Thursday, April 4, 2013

On Intelligence: Book Review

Author: Jeff Hawkins (with Sandra Blakeslee)

Length: 235 pages (plus an 8 page appendix of predictions)

What is It: A comprehensive theory on the inner workings of the brain (memory, intelligence and creativity), including its relevance to building intelligent machines. Hawkins starts with a brief history of artificial intelligence and neural networks, but openly challenges them as design foundations. He then presents his memory-prediction theory as a more comprehensive and accurate representation. He ends On Intelligence with a sketch of the future based on his model and a series of testable predictions.

What's Said: Theories of the brain should be based on i) elapsed time, ii) feedback loops and iii) complete architecture. The brain is not a computer; it is a memory system. It distills incoming sequences of patterns (eg: letters of a word in a speech) into invariant forms [snapshots of constantly changing details], passes this delayed pattern up its hierarchical structure (eg: from letters to words in this analogy), repeats that process at each of its six levels (eg: words to phrases, phrases to sentences...), and links all those sequences together through auto association for retrieval later (eg: remembering that speech by recalling just a word/phrase/sentence in it). Detailed predictions using this system are the essence of intelligence. The brain predicts by combining its knowledge of invariant forms from higher brain levels with current details from the senses, and lower levels. This algorithm is the main function of the brain and is exactly the same everywhere (i.e. the primary senses are fundamentally no different from each other). Correct predictions result in understanding, incorrect predictions result in confusion.

What's True: There are 10 times as many feedback as input connections in the brain. Human intellectual superiority is explained by size of the neocortex and its hierarchical levels of sophistication (ability to handle more abstraction, and longer temporal patterns than animals). The Turing Test is misguided because intelligence cannot be accurately measured by external behavior (computational output), it is an inner brain function (understanding does not require action). The memory-prediction framework distinctly separates intelligence from human form and emotions (which negates "rise of the machines" scenarios). Intelligence systems are customized machines that can excel where human intelligence is disinterested or human senses are inadequate. Hawkins is clear and transparent in OI. He not only lays out his theory, he addresses rebuttals, and willingly points out potential flaws in the model. Even if his theory is correct however, capacity (the brain has an estimated 8 trillion bytes of memory) and connectivity (one brain cell connects to an estimated 10 thousand other brain cells) will still be challenges.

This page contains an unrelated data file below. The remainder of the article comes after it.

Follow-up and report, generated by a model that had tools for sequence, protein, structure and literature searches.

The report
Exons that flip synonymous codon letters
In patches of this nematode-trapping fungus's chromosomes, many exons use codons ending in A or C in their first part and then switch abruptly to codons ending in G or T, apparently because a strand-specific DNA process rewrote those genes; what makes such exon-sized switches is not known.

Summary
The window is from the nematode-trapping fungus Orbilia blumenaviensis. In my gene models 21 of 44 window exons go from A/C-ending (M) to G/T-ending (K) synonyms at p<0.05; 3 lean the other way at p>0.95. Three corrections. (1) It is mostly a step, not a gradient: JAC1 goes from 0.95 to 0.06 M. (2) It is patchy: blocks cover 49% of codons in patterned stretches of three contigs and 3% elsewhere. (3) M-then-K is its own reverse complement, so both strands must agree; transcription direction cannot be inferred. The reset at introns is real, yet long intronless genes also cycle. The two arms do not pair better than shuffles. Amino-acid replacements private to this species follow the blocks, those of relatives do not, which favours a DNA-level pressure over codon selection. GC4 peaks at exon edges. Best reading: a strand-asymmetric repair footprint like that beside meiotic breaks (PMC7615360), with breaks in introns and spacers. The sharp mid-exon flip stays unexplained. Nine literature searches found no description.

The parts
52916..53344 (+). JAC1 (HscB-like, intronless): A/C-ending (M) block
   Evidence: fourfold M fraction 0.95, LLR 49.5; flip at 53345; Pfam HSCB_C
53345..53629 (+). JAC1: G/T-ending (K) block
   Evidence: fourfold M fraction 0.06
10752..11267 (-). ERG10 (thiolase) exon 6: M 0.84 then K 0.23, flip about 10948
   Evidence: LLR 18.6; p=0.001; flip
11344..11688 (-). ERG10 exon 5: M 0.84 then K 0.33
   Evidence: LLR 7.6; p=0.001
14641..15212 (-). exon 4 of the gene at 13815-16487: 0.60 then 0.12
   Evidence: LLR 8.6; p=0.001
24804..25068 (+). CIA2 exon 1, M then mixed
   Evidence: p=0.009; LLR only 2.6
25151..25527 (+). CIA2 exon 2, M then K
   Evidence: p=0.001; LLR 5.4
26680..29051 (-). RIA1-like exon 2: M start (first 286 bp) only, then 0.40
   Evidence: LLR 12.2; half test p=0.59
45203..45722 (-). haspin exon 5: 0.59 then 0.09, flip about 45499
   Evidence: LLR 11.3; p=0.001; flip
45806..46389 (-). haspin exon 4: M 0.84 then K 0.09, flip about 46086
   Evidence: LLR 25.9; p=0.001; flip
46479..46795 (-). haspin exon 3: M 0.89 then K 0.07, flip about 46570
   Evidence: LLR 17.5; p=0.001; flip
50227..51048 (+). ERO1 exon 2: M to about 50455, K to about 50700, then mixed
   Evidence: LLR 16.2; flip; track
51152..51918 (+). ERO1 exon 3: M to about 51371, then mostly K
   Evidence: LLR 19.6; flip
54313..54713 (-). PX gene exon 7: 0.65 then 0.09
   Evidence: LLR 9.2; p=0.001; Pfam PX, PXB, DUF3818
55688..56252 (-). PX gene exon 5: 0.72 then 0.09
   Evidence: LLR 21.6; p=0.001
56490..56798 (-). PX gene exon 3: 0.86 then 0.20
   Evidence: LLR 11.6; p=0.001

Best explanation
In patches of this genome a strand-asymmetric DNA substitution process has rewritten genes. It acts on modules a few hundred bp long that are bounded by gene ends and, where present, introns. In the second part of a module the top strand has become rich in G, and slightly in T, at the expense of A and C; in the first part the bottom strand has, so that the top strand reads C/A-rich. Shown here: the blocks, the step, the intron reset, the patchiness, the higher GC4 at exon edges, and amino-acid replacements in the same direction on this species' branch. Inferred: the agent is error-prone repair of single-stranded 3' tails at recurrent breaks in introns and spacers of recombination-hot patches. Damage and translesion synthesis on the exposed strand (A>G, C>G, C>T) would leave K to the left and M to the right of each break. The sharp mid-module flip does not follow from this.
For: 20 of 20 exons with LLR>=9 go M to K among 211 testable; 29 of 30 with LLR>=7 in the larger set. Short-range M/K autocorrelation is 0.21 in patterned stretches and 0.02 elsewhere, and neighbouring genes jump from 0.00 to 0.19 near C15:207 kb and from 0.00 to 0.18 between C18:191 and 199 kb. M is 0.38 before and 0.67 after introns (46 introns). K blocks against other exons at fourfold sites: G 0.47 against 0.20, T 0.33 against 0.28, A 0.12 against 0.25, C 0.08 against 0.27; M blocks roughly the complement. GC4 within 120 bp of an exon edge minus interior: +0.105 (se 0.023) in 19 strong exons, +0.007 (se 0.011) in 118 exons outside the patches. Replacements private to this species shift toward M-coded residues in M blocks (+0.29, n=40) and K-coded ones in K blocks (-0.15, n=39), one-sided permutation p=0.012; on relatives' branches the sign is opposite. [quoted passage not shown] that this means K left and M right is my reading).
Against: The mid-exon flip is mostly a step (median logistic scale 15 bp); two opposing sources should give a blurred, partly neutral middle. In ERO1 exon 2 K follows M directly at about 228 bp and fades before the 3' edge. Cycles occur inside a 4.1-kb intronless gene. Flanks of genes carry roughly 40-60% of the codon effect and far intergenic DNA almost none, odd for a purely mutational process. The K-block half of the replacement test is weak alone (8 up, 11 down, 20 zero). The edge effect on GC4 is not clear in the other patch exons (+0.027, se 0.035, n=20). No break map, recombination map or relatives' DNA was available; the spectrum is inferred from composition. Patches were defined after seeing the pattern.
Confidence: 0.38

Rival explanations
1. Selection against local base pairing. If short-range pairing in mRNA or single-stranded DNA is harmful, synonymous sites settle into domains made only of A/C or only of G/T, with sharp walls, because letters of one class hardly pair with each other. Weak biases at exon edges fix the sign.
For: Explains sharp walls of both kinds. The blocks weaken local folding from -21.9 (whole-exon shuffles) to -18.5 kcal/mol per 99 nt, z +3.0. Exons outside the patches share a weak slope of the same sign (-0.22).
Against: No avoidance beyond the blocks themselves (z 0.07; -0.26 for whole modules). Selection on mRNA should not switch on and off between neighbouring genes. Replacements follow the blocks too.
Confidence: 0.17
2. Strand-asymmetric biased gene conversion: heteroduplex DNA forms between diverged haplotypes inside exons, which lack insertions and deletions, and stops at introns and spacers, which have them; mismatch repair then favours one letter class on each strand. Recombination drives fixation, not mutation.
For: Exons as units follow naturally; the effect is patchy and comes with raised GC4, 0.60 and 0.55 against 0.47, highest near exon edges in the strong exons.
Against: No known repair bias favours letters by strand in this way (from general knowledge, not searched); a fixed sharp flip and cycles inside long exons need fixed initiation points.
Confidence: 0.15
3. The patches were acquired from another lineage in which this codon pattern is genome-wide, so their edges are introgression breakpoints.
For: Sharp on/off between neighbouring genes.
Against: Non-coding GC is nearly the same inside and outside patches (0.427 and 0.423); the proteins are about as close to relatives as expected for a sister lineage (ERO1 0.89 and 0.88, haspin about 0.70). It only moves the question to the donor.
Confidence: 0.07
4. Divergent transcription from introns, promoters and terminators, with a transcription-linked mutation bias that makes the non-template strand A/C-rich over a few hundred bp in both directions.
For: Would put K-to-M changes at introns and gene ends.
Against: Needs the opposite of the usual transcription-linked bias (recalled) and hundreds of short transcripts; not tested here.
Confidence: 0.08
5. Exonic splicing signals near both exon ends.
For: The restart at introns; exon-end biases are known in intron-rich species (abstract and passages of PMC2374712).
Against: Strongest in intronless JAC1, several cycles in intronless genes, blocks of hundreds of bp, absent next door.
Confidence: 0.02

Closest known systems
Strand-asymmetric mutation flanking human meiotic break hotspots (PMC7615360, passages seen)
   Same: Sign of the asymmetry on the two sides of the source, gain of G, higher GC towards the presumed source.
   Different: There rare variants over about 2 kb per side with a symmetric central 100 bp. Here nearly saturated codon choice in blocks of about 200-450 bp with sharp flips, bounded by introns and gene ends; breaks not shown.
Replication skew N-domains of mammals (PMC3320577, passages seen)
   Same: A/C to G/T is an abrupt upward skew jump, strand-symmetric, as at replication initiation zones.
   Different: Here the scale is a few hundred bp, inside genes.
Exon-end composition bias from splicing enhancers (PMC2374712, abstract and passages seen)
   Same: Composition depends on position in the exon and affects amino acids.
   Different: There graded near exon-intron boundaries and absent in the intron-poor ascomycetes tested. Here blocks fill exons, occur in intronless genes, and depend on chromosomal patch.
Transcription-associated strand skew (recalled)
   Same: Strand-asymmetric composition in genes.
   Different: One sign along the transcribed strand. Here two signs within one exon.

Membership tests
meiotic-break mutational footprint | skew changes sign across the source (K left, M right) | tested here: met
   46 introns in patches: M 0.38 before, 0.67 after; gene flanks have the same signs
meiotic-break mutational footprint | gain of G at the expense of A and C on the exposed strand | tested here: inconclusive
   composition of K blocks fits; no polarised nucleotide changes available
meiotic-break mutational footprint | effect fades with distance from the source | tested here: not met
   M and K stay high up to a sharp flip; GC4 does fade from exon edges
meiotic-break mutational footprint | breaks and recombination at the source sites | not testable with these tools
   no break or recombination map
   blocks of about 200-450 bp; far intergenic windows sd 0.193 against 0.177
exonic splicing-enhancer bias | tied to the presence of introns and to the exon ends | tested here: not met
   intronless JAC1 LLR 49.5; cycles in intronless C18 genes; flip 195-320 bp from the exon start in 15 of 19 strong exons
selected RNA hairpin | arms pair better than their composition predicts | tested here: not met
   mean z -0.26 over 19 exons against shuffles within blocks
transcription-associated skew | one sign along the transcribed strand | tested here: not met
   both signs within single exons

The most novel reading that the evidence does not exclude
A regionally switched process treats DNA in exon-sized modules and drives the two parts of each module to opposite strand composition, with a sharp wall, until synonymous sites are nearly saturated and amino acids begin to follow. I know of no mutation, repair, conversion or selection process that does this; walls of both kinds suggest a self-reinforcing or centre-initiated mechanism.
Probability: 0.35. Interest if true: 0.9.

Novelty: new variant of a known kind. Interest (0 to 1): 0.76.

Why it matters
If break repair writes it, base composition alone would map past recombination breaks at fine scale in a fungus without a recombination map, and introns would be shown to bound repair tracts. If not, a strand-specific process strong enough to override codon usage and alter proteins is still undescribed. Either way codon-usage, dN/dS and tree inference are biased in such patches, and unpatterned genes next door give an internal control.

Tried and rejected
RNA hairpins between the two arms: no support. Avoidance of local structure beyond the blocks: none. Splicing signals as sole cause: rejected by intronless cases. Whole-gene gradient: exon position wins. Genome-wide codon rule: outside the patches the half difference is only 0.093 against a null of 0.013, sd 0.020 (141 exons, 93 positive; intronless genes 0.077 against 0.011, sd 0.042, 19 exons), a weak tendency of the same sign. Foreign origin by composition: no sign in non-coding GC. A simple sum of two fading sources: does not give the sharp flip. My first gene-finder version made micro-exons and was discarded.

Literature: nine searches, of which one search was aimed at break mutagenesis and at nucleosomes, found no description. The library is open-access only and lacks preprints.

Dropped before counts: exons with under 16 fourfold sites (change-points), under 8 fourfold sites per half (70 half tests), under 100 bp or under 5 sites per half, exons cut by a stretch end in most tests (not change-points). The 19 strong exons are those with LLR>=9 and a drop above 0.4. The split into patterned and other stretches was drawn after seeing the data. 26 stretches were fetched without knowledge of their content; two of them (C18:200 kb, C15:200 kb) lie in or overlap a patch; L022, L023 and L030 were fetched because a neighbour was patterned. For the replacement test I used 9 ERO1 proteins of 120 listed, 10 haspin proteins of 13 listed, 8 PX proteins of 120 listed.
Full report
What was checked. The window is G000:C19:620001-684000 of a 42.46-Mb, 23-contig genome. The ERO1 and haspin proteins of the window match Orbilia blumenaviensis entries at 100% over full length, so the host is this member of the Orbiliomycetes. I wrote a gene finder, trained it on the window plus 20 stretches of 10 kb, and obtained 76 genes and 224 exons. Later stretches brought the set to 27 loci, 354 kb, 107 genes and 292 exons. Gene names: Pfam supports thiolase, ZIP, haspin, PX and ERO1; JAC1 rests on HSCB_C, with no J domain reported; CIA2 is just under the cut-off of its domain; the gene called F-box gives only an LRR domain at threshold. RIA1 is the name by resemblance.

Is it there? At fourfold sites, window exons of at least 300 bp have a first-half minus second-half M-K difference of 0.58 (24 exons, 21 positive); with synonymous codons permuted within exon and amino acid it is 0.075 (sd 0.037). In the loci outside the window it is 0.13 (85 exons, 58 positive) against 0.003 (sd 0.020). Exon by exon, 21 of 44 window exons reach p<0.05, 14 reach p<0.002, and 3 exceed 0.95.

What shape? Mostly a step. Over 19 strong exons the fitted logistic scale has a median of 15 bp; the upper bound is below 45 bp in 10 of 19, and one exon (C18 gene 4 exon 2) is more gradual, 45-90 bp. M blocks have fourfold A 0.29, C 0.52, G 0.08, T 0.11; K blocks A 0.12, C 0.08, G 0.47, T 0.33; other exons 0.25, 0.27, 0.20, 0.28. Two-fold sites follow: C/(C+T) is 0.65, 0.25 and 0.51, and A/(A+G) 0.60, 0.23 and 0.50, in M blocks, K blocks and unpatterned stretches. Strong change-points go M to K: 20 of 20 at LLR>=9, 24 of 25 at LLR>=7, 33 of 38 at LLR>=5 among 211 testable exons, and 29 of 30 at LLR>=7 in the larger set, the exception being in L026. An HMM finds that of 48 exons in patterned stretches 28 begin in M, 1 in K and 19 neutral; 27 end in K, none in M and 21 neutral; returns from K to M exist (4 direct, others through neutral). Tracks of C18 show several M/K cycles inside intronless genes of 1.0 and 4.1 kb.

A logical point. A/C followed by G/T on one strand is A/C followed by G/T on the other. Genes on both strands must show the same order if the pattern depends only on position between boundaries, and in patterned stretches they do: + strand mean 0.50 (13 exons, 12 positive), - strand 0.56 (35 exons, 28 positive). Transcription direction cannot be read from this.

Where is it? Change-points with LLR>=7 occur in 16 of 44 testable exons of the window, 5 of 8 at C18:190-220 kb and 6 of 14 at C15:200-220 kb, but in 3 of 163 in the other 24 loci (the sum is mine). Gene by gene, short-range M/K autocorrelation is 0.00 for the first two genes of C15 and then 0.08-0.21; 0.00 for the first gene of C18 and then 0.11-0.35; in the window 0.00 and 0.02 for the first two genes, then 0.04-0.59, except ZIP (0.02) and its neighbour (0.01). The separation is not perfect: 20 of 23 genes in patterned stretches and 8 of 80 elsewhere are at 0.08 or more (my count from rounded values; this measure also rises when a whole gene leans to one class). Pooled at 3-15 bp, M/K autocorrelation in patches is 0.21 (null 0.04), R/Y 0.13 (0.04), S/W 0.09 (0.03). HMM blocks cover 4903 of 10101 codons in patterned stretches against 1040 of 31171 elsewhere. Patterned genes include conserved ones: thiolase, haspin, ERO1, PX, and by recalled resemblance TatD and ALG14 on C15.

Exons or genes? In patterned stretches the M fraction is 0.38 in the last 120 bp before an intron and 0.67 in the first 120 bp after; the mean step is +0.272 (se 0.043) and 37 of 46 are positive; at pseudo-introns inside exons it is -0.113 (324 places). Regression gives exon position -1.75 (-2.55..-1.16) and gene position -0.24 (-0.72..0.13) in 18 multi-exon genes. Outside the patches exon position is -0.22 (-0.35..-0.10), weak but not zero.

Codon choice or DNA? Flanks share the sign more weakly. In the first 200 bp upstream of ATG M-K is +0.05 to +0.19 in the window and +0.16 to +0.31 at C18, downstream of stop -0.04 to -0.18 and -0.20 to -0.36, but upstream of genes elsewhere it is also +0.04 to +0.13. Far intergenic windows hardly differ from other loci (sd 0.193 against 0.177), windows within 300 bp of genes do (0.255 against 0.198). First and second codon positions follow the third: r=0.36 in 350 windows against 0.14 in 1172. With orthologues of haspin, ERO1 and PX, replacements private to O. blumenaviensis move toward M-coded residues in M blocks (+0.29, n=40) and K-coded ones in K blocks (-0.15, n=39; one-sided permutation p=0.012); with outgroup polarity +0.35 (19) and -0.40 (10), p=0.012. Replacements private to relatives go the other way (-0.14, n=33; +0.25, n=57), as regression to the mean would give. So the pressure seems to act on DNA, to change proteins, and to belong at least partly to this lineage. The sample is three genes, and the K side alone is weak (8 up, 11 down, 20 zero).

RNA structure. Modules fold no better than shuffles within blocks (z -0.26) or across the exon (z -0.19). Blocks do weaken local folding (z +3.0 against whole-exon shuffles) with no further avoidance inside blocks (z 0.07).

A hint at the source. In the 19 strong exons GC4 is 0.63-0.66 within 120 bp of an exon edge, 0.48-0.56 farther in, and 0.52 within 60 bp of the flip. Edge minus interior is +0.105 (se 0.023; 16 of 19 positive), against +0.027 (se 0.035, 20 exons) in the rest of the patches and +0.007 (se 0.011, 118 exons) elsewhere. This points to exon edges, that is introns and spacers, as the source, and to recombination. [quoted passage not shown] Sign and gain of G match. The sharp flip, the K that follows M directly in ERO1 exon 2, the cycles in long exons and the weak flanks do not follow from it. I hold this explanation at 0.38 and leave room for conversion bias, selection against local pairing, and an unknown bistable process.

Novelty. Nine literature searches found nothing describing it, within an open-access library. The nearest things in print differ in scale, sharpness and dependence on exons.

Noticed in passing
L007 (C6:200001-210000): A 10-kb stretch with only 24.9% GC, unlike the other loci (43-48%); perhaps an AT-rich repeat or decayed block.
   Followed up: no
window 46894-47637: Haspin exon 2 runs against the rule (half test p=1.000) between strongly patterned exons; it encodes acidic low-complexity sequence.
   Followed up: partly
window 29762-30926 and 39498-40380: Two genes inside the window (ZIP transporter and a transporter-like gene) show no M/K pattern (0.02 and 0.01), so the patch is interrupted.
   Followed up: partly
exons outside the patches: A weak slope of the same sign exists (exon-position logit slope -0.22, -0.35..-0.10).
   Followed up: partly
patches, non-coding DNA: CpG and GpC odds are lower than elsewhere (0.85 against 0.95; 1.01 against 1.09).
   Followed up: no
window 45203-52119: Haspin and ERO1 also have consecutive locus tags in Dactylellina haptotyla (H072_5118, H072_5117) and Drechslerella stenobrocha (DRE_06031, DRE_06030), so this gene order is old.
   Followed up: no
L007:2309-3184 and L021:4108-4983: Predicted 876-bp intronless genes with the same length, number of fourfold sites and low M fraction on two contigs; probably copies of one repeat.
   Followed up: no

So What: Hawkins' theory has significant implications for the development of intelligent machines. It means that design thinking centered on faster computing, larger memory, and behavior driven output is absolutely misdirected. It means newer innovations like big data (inputs and discovery) and machine learning (pattern recognition and prediction) should be not be explored separately; they should be studied as components of a single intelligent system. For individuals, On Intelligence provides new insights on the way humans think, why we think like we do, and how thought is connected to itself and behavior.

Final Word: Very Enlightening Read

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